Disclaimer: This watch was sent to me to review and I was not paid to write this. This is in no way sponsored by DuFrane, or any other entity. All opinions here are my own. Since this watch is a prototype and was worn/used by other reviewers, please make note that the experience might differ from that of a brand new watch.
DuFrane is a brand I’ve previously looked at, when I reviewed their City Limits GMT watch. I enjoy their designs as they don’t follow the same watch design rule book that most micro-brands seem to be following these days. Their designs are bold, their inspiration is clear, and the few DuFrane watch owners that I’ve talked to, have nothing but good things to say about the brand and their customer service.
Today I get to take a look at a prototype of their latest release, the Waterloo. Just like the City Limits, this watch is inspired by the city of Austin, TX. While the City Limits was a bold, casual and cheerful watch, the Waterloo takes a more subtle and refined approach, and fits somewhere between a dress watch and a sports watch. The Waterloo is currently available for pre-order, and costs $575 for the Automatic movement and $399 for the Quartz movement.
Let’s check it out!
The case measures 39mm in diameter, 47mm from lug-to-lug and a wonderful 10.5mm in height. The case is mostly brushed, with a few polished accents on the lugs and bezel.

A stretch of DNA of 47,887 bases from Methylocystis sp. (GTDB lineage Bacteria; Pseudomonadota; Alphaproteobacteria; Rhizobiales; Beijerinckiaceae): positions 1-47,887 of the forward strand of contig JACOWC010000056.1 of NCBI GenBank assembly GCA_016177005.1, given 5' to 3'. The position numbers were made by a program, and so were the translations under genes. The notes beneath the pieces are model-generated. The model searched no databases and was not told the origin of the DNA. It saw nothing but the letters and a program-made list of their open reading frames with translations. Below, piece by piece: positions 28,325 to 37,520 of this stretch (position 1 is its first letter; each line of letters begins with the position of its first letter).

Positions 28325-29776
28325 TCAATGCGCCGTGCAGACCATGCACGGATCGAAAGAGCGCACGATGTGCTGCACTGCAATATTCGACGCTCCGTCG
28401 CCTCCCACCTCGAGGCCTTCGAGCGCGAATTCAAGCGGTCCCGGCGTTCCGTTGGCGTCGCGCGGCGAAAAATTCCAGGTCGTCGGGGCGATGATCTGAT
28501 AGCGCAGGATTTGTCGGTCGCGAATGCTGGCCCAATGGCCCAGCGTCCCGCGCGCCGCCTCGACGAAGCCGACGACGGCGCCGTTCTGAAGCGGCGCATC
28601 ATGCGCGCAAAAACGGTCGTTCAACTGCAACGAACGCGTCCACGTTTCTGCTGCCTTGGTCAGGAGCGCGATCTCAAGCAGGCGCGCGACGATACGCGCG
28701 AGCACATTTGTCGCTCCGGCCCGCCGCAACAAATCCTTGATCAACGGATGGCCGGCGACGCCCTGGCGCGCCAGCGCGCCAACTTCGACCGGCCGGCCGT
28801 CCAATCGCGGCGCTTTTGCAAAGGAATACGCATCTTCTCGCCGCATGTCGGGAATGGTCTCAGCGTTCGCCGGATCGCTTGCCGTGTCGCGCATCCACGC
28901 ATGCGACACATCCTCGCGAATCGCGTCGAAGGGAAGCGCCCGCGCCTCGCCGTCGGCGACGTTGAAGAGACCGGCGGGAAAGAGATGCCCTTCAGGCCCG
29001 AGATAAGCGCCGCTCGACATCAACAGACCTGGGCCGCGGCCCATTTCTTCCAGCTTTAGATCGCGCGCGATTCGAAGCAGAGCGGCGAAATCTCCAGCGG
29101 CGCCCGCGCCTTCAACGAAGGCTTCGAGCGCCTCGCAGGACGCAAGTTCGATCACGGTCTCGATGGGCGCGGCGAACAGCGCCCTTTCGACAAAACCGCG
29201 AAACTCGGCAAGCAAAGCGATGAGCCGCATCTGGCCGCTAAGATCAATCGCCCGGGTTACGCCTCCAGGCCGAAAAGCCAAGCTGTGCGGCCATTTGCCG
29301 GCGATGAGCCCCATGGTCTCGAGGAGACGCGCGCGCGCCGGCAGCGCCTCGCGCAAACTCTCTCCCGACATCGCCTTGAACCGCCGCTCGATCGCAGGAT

The case reminds me of my own Tudor Black Bay, but is closer in dimensions to the Black Bay 58. This isn’t a bad thing at all, as I love the case-shape and wrist presence of those cases.
The lugs curve down very slightly, but given the short lugs and short lug hole position, the watch is still well balanced and doesn’t feel like a watch with straight lugs. The end links are drilled through, but DuFrane is adding another set of lug holes for standard non-curved lugs which will not be drilled through.
There is polished bezel surface that has a two step design. This isn’t a hack-job of taking a watch with a bezel, removing the bezel and polishing what’s left under it. This bezel was intentionally designed this way, and it looks good.
There is a signed push-pull crown at the 3 o’clock position that is recessed into the case by a fraction of a millimeter. I like this a lot and it feels reassuring. DuFrane says that the crown height will be reduced on the final production units, but I see no problem with the way it currently is.